Friday, April 5, 2013

Employment rate in July 2012 is estimated at 93.0 percent

Employment rate in July 2012 is estimated at 93.0 percent


Gov @ Work

Employment rate in July 2012 is estimated at 93.0 percent
The results of the July 2012 Labor Force Survey (LFS) recorded an estimate of 37.6 million employed persons, which translated to an employment rate of 93.0 percent. This rate is almost the same with the reported estimate of 92.9 percent in July 2011. Among regions, Cagayan Valley recorded the highest employment rate of 96.8 percent, followed by MIMAROPA and Zamboanga Peninsula (95.9% each). The lowest employment rate was recorded in National Capital Region (NCR) with 90.1 percent.
The country had an estimate of 63.1 million population aged 15 years and over in July 2012. Out of this estimate, 40.4 million persons were in the labor force, or those who were either employed or unemployed. These figures correspond to a labor force participation rate (LFPR) of 64.0 percent. The LFPR in July 2011 was 64.3 percent. Across regions, LFPR was highest in Northern Mindanao at 71.0 percent, while the lowest was reported in Autonomous Region in Muslim Mindanao (ARMM) at 54.5 percent.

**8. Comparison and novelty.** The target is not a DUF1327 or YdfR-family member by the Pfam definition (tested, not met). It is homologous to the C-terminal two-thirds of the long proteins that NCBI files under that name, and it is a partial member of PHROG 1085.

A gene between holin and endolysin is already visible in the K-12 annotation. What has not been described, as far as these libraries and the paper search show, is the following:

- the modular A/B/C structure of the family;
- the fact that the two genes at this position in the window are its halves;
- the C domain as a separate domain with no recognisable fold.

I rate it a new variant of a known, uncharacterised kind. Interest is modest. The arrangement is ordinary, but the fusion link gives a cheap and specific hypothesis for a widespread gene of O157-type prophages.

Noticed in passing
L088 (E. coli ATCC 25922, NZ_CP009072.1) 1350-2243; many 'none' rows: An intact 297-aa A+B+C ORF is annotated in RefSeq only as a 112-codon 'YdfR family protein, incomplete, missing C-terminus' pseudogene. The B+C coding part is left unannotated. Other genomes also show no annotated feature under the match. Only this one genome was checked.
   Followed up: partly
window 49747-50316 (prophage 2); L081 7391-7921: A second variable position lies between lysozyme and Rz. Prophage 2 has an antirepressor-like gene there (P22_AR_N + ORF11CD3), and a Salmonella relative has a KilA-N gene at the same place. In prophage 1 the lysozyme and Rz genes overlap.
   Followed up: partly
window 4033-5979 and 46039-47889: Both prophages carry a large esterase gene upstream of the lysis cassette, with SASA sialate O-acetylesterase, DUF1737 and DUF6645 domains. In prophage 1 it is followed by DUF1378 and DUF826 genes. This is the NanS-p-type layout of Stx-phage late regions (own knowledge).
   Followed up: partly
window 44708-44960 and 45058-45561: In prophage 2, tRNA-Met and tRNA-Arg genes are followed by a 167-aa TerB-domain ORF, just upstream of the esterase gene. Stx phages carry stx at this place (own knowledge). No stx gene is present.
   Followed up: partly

Results from the July 2012 Labor Force Survey (LFS)
Philippines    July 2012 1/       July 2011    
   Population 15 years and over (in ’000) 63,119 62,054
   Labor Force Participation Rate (%) 64.0 64.3
   Employment Rate (%) 93.0 92.9
   Unemployment Rate (%) 7.0 7.1
   Underemployment Rate (%) 22.7 19.1
1/ Estimates for April 2012 are preliminary and may change
2/ Population 15 years and over is from the 2000 Census-based population projections.

  Of the estimated 37.6 million employed persons in July 2012, those who worked in the services sector comprised the largest proportion, which posted more than half or 53.3 percent of the estimated employed persons. Among the persons who worked in the services sector, those engaged in wholesale and retail trade; repair of motor vehicles and motorcycles comprised the highest percentage (18.6% of total employed).